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Why is it so hard to get a doctor's appointment in Massachusetts?

Why is it so hard to get a doctor's appointment?
Why is it so hard to get a doctor's appointment? 04:22

BOSTON - It's cold and flu season, the hardest time of the year to stay healthy. It's also never been harder trying to find a doctor in Massachusetts. If you've been having trouble, you're not alone.

"A lot of times people are coming to our urgent care for things that would be better suited and better dealt with in a primary care office, but they don't have any other options, so they're going to urgent care or they're going to emergency rooms and it's just creating a backlog throughout the entire system," said WBZ-TV's Dr. Mallika Marshall.

Long waits for doctor's appointments

We asked viewers to share their stories and some of the responses we got were jaw-dropping.

"An overdue physical I had to reschedule from December 2023 (due to an injury) was rescheduled to January 2025!! I thought it was a mistake!" wrote Jennifer on Facebook.

"I was put on a waitlist at Brigham and Women's Center for Women's Health. It's two years long!!" wrote Christina on Facebook.

The issue even hits close to home at WBZ. Recent college graduate Anna, whose own mother works at the station, has been trying to get a primary care physician for months.

"I do have a couple of appointments set up but they're not until April and June. So we'll see if they end up working out," Anna said.

Why is the wait for a doctor's appointment so long?

"It is a very complicated answer to a very complicated issue," said Dr. Jose Figueroa of the Harvard T.C. Chan School of Public Health.

He said there are huge issues on the supply side. According to the Association of American Medical Colleges, there were fewer than 120,000 physicians in family medicine in 2021. That's only 12.4% of active physicians, down from about 87% in the 1930s. And the problem isn't getting better.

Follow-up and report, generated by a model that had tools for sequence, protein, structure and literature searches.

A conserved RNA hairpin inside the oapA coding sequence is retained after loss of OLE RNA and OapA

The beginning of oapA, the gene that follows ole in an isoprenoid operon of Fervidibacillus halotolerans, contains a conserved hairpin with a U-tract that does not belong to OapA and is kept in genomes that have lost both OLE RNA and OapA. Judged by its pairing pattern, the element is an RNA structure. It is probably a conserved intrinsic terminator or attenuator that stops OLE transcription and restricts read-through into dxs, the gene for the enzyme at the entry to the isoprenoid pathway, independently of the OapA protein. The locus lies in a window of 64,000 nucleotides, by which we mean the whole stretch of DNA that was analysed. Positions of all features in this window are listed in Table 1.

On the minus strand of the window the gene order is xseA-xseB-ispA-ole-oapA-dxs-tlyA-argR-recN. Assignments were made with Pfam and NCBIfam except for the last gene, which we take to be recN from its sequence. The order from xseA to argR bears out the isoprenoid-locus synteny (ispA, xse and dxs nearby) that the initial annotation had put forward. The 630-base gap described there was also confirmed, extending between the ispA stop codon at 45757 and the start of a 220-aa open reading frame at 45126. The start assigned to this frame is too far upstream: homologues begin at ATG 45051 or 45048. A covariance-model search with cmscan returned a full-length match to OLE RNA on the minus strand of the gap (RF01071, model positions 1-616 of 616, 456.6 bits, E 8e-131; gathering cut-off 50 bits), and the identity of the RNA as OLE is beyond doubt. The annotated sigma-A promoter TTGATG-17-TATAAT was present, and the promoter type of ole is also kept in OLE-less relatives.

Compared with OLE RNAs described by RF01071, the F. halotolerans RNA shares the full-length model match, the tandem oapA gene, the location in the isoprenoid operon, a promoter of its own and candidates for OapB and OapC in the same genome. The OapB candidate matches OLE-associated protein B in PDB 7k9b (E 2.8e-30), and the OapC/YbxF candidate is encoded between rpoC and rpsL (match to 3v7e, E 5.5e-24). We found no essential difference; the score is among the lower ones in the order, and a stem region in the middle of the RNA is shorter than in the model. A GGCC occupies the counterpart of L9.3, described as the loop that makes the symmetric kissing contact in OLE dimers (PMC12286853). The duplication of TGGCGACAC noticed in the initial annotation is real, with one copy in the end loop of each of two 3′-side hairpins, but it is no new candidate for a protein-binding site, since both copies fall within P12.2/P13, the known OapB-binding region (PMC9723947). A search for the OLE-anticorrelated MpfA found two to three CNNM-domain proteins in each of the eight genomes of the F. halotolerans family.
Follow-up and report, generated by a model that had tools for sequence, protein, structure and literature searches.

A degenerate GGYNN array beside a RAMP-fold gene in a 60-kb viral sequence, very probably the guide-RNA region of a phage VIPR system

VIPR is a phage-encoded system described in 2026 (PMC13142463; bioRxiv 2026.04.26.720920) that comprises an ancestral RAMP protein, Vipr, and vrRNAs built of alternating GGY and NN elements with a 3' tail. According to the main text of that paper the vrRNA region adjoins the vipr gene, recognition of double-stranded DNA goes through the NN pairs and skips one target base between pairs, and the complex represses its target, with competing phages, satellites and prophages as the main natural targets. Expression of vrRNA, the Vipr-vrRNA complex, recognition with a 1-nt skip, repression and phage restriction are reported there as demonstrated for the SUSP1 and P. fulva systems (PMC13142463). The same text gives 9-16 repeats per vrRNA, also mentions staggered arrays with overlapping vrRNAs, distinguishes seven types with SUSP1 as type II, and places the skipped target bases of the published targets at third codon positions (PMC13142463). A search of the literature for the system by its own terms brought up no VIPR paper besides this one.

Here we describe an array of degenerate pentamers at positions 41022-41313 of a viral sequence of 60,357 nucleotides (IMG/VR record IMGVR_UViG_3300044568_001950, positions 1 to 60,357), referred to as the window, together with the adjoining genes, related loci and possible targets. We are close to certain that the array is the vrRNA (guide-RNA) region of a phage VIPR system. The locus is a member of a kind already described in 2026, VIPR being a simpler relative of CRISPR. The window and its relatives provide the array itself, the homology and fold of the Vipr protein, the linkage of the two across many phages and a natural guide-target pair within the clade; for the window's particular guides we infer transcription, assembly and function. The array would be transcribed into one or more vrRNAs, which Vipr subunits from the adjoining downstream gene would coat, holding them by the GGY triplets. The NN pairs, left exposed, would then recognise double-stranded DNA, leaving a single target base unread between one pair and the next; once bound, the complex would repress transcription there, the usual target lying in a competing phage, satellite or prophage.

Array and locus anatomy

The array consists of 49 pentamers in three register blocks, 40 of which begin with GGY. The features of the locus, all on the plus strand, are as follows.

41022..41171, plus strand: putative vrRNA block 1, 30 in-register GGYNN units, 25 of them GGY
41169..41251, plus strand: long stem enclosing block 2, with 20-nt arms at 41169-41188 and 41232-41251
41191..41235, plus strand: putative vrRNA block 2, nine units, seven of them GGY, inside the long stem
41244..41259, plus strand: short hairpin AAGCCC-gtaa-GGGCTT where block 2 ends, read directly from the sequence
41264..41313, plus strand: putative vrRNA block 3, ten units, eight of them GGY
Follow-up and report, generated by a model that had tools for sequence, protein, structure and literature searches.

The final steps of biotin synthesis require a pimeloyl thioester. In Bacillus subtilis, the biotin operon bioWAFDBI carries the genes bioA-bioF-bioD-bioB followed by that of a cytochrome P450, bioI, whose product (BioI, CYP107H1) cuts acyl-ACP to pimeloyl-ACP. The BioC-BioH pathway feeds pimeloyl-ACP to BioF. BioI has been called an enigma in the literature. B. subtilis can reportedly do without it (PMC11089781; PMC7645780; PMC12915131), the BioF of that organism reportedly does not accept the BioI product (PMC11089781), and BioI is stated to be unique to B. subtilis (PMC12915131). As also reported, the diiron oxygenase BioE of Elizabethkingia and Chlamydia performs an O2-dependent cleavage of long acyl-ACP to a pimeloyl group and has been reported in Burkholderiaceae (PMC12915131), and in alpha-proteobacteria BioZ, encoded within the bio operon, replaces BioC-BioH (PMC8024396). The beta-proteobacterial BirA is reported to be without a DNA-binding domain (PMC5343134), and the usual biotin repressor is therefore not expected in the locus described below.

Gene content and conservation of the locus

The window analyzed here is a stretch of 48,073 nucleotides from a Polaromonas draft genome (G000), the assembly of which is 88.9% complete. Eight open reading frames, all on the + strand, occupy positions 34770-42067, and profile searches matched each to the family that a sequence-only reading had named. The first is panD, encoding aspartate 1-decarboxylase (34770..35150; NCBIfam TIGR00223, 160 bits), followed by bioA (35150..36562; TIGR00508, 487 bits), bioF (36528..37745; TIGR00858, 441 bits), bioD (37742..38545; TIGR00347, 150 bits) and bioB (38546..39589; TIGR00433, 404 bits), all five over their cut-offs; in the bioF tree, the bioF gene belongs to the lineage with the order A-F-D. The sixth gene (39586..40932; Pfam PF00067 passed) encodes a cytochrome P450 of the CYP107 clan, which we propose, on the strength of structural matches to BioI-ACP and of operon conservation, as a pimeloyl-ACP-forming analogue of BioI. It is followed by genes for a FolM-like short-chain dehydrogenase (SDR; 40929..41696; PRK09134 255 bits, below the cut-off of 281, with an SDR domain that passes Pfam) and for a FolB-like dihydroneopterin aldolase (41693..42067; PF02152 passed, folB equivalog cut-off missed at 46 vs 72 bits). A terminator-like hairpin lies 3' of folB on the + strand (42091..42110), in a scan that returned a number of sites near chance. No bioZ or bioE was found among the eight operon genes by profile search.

"In recent years, we've had more primary care doctors leave the profession because they have retired. We have an aging primary care workforce and many of them left during the pandemic," Figueroa told WBZ.

Primary care doctors get paid less than specialists

Just as troubling, they're not being replaced. Figueroa points to fewer students entering medical school for several reasons:

  • Medical school is expensive. Students are taking on a huge financial burden and are being left with mountains of debt.
  • Primary care is exceptionally challenging. Physicians have to know a lot about a lot, more than a specialist, who will often make a lot more money.

"You get paid less to be a primary care physician. There is some data to suggest that there's hundreds of thousands of dollars difference if you choose primary care over a specialty care," said Figueroa.

Too much paperwork for doctors

Understand, it's not that the doctors don't WANT to see you, it's that they just CAN'T. Dr. Eric Dickson, President and CEO of UMass Memorial Health, said American doctors are being buried under piles of paperwork.

"The excessive documentation, the pre-authorizations, the denials that are coming, and that starts with insurance reform," said Dickson.

The Journal of the American Medical Association found American doctors had more administrative burden than any other high-income country. The solutions will take time, and investment.

"You have to take some of the administrative burden from them," said Dickson.

"Not just having one person be your primary care doctor but having a team be responsible for your primary care needs," added Figueroa.

What should you do while you wait?

Those things may work down the road, but they won't help people like Anna right now. The best advice? Follow the doctor's orders.

"Cast a wide net. You may not get your pick of providers in the beginning. What you want to do is get your foot in the door and then down the road you might be able to switch providers," said Dr. Marshall.

If you have a question you'd like us to look into, please email  

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